Alishan, April 12 - 13, 2010. Click pic for album

Taroko to Kending

Taroko Gorge to Kending, Feb 14 - 19, 2010.

Northern Cross Island Highway

Northern Cross Island Highway, May 19 - 21, 2008. Click pic for album
16th November, 2007

From the Pacific Ocean to the Taiwan Straits in three days

Day -1, Nov 5
Maybe we went about this thing the wrong way round: first we took days off from work, and then we started praying for good weather. We had planned to do the Northern Cross Island Highway in a three day round trip from Taipei, but the weather was crappy so we decided to go south and cross the island on the Southern Cross Island Highway, Nanheng (南橫), instead – we all know the weather is better down there.
So on Monday evening, we took our bikes apart, bagged them, and headed for Taipei railway station and the overnight down to Chishang (池上). We had no time to make reservations, but how many people could want to travel from Taipei down to Taitung on a Monday night? Book your seats in advance: they were fully booked. We tried again half an hour before departure, and in the end someone had cancelled four tickets, next to each other.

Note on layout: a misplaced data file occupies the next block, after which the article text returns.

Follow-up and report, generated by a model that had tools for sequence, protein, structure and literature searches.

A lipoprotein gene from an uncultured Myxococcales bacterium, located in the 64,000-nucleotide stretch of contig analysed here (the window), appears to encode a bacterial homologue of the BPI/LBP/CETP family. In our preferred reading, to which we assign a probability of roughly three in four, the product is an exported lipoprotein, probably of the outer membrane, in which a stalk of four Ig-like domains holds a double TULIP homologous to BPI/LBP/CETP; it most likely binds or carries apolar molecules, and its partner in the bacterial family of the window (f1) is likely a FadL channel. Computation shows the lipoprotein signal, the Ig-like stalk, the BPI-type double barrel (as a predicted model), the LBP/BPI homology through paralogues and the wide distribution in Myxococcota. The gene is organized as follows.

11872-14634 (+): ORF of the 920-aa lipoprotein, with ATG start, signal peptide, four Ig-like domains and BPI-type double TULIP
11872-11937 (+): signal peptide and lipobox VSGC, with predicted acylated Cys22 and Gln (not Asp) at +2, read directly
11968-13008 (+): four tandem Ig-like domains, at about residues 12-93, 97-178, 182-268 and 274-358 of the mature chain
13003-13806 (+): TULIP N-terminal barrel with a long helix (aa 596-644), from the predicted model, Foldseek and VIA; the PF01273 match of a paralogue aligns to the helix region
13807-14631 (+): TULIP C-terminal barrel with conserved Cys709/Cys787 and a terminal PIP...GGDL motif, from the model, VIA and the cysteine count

Getting on the train with four bagged bikes turned out to be easy. We squeezed them in behind the seats at the end of the car, two on top of each other, on either side of the aisle.
Day 1, Nov 6
Arriving in Chishang just after 5am we somehow managed to put the bikes back together before rolling down to the 7-Eleven to send the bags to Tainan.chishang.jpg They weigh a couple kilos each even without a bike in them, and with two of us carrying small back packs, the prospect of hauling them over the mountains wasn’t too tempting. But if you don’t know where you want to pick your stuff up, you can’t ask the 7-Eleven system which store is closer to this or that location. Or maybe the betel nut-chewing, Taiwan beer-drinking shop owner didn’t know how to work the system at six in the morning. When I asked him if he always started the day with such a gut kicker, he raised his Taiwan beer can and asked, with a smile red as blood, “You mean this? Beer is nutritious, isn’t it?” He then drove X to the railway station where they sent the bags to Tainan station. After breakfast, it was 8am before we got started along Nanheng /provincial highway 20 (台20線) toward Lidao(利稻), a 1 km climb.